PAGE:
Those situations were not directly comparable to the Patriots’ impending decision with Belichick, but they will help with Kraft’s negotiating leverage.

“It only takes one owner, so (the Patriots) should be able to trade him,” another executive said. “If any team is interested, I would think New England would get a first-round pick.”

Now, there are also a handful of reasons to suggest a trade might not happen. For starters, Belichick has a limited shelf life in the business, so he might not be inclined to get into a rebuild with a team that doesn’t have a first-round pick.

Or what if there’s a difference in philosophy over personnel control? Belichick’s new team might prefer to have a general manager in charge of the 53-man roster decisions, but Belichick isn’t used to operating with any such restrictions. Of course, if Belichick recognizes the alternative option is getting fired and remains truly set on continuing to coach elsewhere immediately, he might also know GM control isn’t in the cards.

Belichick could have his own apprehensions, too. Though the wins record is important to him, he also knows his legacy is secure regardless. Is it worth dealing with Tepper’s overanxious ownership style or an unknown commodity in Washington to pursue Shula’s record?

Belichick was submarined by former Cleveland Browns owner Art Modell in 1995 and surely won’t want his career to end with a quick hook at the hands of an owner who has less experience in the NFL than his own two sons. Plus, Belichick has said in the past it took a fourth season to get his system in place with the Patriots, and that might not be a practical timeline with his age and the league’s accelerated urgency to win in the current era.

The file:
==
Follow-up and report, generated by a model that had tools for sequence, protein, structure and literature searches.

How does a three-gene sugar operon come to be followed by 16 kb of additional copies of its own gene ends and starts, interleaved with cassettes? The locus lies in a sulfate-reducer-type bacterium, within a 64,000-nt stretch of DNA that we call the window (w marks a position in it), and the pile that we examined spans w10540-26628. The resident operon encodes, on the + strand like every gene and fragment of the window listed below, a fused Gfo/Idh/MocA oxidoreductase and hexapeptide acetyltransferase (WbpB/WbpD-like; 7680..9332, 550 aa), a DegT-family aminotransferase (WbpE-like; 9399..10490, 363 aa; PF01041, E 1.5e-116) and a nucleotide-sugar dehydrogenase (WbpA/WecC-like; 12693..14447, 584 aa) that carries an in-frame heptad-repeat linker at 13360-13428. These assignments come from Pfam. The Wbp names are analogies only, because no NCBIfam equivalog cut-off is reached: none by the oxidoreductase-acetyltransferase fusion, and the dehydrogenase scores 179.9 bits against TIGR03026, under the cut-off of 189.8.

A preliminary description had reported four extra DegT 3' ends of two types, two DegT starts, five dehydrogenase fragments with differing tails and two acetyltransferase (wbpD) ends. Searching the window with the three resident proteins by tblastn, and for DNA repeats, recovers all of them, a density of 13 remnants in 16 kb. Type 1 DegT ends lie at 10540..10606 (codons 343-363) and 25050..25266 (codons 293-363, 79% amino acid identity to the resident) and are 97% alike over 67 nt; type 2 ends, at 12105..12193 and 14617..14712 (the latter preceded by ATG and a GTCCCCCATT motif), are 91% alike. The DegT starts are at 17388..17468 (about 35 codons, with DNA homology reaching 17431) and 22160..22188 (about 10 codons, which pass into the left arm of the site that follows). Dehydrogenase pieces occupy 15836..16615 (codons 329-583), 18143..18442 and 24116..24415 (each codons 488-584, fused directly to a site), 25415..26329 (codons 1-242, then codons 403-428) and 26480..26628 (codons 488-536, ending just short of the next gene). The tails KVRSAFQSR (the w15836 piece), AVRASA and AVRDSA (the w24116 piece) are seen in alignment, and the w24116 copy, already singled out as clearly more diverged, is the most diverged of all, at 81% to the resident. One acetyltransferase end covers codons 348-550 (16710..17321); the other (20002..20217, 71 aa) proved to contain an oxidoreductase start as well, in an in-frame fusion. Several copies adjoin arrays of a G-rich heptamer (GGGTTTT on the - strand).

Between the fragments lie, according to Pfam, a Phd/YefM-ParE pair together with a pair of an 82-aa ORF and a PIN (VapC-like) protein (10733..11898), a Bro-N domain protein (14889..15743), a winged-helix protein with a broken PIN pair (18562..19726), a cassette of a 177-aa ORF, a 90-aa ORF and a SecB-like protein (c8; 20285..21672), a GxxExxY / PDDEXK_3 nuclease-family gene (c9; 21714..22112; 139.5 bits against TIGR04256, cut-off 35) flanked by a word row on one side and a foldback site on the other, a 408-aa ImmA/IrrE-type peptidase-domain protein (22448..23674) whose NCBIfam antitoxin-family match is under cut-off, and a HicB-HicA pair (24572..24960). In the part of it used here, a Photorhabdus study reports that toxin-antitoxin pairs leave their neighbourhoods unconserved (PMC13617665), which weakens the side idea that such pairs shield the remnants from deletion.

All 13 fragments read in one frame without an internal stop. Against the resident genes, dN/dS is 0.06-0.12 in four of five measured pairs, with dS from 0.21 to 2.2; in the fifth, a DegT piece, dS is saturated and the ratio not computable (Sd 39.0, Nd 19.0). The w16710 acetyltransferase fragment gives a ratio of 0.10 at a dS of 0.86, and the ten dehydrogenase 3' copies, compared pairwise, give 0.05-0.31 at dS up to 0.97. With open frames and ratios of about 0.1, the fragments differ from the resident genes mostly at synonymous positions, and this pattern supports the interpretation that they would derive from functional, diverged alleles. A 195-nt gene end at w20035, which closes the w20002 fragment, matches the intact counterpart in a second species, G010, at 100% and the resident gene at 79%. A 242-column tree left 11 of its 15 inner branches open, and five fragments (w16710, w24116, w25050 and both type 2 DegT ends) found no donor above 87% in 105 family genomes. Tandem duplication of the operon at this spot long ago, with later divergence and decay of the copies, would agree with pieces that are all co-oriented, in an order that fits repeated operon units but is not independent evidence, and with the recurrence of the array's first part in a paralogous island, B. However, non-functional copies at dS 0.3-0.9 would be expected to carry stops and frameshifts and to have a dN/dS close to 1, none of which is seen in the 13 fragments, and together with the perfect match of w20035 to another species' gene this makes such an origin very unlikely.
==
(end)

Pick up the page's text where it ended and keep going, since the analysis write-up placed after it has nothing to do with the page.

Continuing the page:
There’s also another obvious deterrent: Belichick and the Patriots have been an afterthought without Tom Brady. At 2-10 this season, Belichick is on pace for the worst record of his career. His draft record has been poor for most of the last decade. Their development of quarterback Mac Jones was a spectacular failure. And there are younger head-coaching candidates who will be in high demand and won’t cost anything in a trade.

“(The Patriots have) struggled since Brady has been gone, and none of (Belichick’s) disciples have ever done anything, and the draft record is not good as the GM,” another executive said. “Somebody could pay for past glory, but they would have to fit their entire culture to his operation.”

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It’s a complicated situation. And if Belichick’s time in New England is nearing its conclusion, the legendary coach and the Patriots will need to quickly determine the best course of action. So, too, will a team with a coaching vacancy.

But Belichick will have one claim to his resume that might trump every reservation.

As one executive who wouldn’t trade for Belichick still conceded, “He’s the greatest coach in the history of the league.”

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(Photo: Cooper Neill / Getty Images)